Marco Saavedra. (Image courtesy: Rafael Salazar Moreno)
“The matter is that I don’t think I did anything wrong when I crossed the border at the age of 3,” said Marco Saavedra to immigration Judge Terry Bain in a New York courtroom this week. Saavedra, who infiltrated an immigrant detention center last year, was due in court to update Judge Bain on his decision whether or not to apply for deferred action—which, if approved, would terminate his case and grant him status to remain in the United States for at least two years. But Saavedra told the rather stunned judge and prosecutor that he won’t be applying.
Master calendar hearings at the Lower Manhattan immigration court sound more like a fast-paced auction than pensive motions. Each case averages about five minutes, and often ends with a decision for a later date on which to hold a full hearing. A prosecutor sits in a smart beige coat next to a giant cart brimming with immigration case files. As each case moves quickly along, he stacks them in a giant pile on the floor that looks as if it will quickly tip over. Those files represent entire lives lived in the shadows, neatly reduced to a teetering pile.
Immigration cases are civil matters—undocumented immigrants in deportation proceedings have no right to a speedy trial or a court-appointed lawyer. Those who are not deported and opt for trial pay for lawyers—who run from courtroom to courtroom and sometimes appear to know nothing about their clients’ cases during the lightening fast hearings. In contrast, Saavedra represented himself; his hearing took closer to fifteen minutes, and captured nearly everyone’s attention.
As a 23-year-old with a sympathetic case, it’s likely Saavedra may have been able to have his entire case dropped last Tuesday had he applied for deferred action. As his name was called, Saavedra removed the army green jacket he was wearing in the audience, and revealed a bright turquoise blue t-shirt that read “I am undocumented,” in white letters, with a pronunciation respelling that drives the message home. Judge Bain, who seemed as compassionate as she did confused after Saavedra made his decision clear, implored him to apply over and over again. She finally made clear that if he did not, she will order his deportation at a later hearing.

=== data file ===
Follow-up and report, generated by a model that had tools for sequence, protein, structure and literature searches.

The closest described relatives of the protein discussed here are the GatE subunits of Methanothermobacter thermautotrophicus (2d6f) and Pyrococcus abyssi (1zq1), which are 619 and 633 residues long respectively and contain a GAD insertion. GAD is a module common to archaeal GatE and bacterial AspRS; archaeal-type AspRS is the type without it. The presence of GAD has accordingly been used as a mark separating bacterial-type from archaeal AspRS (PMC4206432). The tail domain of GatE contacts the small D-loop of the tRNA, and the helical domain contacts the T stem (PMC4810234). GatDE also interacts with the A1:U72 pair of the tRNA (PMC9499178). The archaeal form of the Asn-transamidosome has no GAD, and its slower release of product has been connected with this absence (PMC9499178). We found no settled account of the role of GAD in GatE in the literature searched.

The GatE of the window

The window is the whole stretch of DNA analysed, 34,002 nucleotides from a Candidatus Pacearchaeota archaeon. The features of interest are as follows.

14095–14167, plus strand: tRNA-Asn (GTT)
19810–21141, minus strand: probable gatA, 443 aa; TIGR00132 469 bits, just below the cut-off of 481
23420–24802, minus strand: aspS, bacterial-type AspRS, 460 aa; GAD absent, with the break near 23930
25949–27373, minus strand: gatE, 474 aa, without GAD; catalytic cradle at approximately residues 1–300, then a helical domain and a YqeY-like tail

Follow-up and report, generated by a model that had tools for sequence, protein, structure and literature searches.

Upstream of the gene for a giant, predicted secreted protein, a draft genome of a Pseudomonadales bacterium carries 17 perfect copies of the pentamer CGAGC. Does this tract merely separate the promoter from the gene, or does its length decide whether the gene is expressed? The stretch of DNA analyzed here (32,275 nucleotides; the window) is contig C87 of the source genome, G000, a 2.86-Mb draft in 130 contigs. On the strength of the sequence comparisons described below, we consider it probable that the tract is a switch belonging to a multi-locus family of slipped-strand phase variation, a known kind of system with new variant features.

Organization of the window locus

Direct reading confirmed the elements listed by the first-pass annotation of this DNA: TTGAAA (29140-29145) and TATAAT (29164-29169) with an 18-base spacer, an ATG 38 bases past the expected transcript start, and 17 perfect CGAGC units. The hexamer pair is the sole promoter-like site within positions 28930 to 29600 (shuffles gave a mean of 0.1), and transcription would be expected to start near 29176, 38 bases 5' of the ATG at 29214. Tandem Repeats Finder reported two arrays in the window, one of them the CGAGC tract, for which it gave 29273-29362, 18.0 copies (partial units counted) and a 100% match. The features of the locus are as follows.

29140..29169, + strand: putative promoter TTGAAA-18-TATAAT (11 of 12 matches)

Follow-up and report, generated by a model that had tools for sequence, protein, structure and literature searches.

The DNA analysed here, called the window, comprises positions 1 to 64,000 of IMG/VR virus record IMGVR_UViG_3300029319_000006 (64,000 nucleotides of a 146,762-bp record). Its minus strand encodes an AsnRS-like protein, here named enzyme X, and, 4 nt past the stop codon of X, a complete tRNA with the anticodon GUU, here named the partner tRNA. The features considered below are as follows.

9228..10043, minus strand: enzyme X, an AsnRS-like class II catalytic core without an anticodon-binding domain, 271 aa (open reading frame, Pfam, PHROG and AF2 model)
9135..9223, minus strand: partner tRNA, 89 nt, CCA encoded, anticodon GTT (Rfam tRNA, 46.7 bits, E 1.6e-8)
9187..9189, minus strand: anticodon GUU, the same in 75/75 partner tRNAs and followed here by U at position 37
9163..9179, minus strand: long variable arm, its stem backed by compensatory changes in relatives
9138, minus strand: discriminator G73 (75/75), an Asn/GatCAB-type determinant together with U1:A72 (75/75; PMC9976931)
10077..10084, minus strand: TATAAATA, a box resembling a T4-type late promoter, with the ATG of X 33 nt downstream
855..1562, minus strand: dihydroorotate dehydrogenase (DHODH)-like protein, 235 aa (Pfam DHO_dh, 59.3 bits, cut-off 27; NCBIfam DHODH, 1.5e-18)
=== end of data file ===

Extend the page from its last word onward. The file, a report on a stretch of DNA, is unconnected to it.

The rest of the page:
Saavedra’s decision is part of a strategy developed by the National Immigrant Youth Alliance, or NIYA. He’s declining an easy way out as a form of protest, because Immigration and Customs Enforcement (ICE) continues to place low priority individuals in detention—and many are then deported. Saavedra is essentially trying to humanize that giant stack of immigration case files piling up on the courtroom floor.
“Under human rights law alone, we’re talking about too many people who should never have been placed in detention to begin with,” Saavedra told me. He says there’s little accountability at the court level, and that too many cases should never have gotten that far. The NIYA has held civil disobedience actions in the streets, infiltrated detentions centers, and is now pushing back against the courts—their goal is to have an organized, undocumented presence at every level of a system they say is largely rogue.
Saavedra’s full hearing is now set for September—after the possible passage of comprehensive immigration reform, and a summer of aggressive pro-immigrant organizing. Asked if he fears Judge Bain will order his deportation, Saavedra didn’t flinch. “Whatever they mandate, we can organize against it.”
This weekend marks the halfway point of a 200-mile march of immigrant farmworkers and allies to Publix headquarters in Florida. For more on this and other firsthand accounts of student-worker struggle, check out this week's Dispatches from the US Student Movement.